Carlos Alcaraz vs. Diego Schwartzman: Why Teenager Deserves Heavy Price in Rio Final (Feb. 20)
Buda Mendes/Getty. Pictured: Carlos Alcaraz hits a backhand at the Rio Open.
Carlos Alcaraz vs. Diego Schwartzman
|Time||3:30 p.m. ET|
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After lighting the tropical city of Rio on fire all week, Carlos Alcaraz is into his second Tour-level final, and third if you count the Next Gen Finals that he won at the end of 2020.
His opponent will be a veteran of the ATP top 20, Diego Schwartzman, who has three clay-court titles on Tour and reached the Argentina Open final last week.
Alcaraz got through four tough matches to reach the final, including victories over Matteo Berrettini and Fabio Fognini, while Schwartzman had a bye into the round of 16 thanks to his third-seed status in the event.
The 18-year-old has already established himself as one of the best young talents on tour, and you could probably take out the qualifier in that statement as well. Ranked 29th in the world and set to be in the top 20 after Sunday’s final, Alcaraz could well find himself in the top 10 by year’s end.
He’s been showcasing the raw power and athleticism that has allowed him to soar up the ATP rankings, but he’s needed some grit and toughness to get through matches where he’s struggled to find his level at times.
Alcaraz dropped sets to Jaume Munar and Berrettini, but he played his best tennis in the crucial moments of each match. Against Federico Delbonis he recovered from a break down to win the second set, and against Fognini he was really in cruise control throughout.
The circumstances he competed in weren’t easy either, as he had to deal with rain delays and played two matches in one day in order to reach the conclusion of the tournament. For an 18-year-old to battle through those circumstances with apparent ease is remarkable, but it doesn’t come as a surprise for a player who is already one of the fittest on tour.
Schwartzman has battled well too, though, also winning twice on Saturday and getting by Francisco Cerundolo in a match where it seemed as if he was running on fumes.
It appeared at times that he also wouldn’t get by Pablo Andujar earlier in the day, but he outlasted him in three difficult sets after twice giving a break back in the decider.
Schwartzman and Alcaraz are yet to meet on Tour, but it wouldn’t be a surprise to see them play many times in the future, particularly on clay where they both excel.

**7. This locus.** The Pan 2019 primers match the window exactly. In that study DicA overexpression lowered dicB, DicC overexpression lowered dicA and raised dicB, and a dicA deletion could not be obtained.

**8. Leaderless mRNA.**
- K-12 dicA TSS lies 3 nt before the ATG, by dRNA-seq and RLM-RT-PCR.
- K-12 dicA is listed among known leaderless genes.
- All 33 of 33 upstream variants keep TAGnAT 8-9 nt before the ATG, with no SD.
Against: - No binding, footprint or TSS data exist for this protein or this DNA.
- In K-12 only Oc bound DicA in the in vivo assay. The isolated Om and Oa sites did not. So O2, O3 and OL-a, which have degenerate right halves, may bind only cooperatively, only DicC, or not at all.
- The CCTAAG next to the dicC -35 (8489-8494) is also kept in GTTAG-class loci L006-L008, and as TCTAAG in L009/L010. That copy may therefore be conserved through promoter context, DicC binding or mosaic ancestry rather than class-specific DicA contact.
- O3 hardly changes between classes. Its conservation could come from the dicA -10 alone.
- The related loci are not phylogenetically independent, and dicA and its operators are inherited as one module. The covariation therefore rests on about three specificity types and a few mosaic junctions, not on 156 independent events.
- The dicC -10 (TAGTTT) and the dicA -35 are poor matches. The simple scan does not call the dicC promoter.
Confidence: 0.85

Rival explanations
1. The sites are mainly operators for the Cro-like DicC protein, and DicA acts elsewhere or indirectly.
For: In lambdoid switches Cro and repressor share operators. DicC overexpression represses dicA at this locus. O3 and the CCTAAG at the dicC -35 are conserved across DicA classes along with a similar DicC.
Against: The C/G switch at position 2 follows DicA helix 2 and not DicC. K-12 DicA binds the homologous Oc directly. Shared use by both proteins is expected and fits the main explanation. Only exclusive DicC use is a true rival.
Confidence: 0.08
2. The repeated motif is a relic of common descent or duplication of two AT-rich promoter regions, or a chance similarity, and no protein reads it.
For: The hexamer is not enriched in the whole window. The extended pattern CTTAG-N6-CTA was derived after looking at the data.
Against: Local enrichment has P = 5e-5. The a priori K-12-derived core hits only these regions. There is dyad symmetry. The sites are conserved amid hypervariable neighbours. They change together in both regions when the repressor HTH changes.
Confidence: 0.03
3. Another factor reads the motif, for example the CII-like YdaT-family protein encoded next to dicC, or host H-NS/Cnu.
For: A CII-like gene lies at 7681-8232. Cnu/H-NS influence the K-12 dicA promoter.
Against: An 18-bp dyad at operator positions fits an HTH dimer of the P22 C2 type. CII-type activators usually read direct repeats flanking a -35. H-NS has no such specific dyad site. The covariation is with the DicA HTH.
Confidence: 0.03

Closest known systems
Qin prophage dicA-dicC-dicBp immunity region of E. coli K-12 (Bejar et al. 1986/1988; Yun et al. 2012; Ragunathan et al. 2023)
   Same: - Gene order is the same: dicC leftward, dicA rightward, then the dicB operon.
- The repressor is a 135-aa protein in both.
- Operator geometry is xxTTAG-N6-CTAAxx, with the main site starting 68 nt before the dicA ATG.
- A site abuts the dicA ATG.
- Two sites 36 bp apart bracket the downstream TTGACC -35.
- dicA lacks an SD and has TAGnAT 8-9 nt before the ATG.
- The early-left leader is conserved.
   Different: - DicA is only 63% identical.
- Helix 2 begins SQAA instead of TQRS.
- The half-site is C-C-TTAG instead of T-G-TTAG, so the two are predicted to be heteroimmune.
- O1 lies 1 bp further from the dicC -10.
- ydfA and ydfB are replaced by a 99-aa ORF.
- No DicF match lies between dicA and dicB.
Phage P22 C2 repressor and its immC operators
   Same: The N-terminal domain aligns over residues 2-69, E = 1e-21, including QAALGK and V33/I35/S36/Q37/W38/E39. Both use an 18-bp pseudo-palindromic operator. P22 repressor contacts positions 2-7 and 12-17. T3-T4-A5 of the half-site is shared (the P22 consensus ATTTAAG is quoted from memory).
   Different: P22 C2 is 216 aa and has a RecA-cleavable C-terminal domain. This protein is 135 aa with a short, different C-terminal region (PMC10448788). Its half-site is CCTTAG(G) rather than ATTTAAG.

This is a tough pick to make because I do feel as though it’ll be tough for Alcaraz to throttle a player with so much experience and proven ability on Tour, but the numbers speak for themselves in justifying a play on the Spaniard.
Alcaraz has been downright dominant behind his serve all week, winning over 60 percent of his first and second serve points in each of his matches. That’s a ridiculous stat to have on clay, particularly when considering he got by some veteran clay-court specialists to reach this point.
The world number 29 has also allowed his level to drop at times, but he’s quickly recovered from those spells each and every time. He had more unforced errors than winners against Berrettini and Fognini but found himself in control of points on a consistent basis.
Alcaraz has a higher clay court Elo Rating than Schwartzman and is already more capable of getting past high-quality competition than the Argentine. Over the past year, Alcaraz is 4-5 against top 10 players while Schwartzman is 2-4.
Though both face stern tough tests physically and mentally after playing two matches yesterday, Schwartzman looked the more weary of the two, and I’m comfortable with the 18-year old’s fitness levels considering what we’ve seen so far.
Alcaraz’s game is in much better shape than Schwartzman’s at the moment, and he’s covered the number in three of his four matches. He has no issue keeping his intensity high and keeping the gas up in all stages, so Alcaraz is a nice player to back on spreads, but he’s also the more capable player at the moment.
I see Alcaraz wearing down Schwartzman and battling through some ebbs and flows in his play to find a cover and win this final.
Pick: Carlos Alcaraz -3.5 games (-105, bet to -120)
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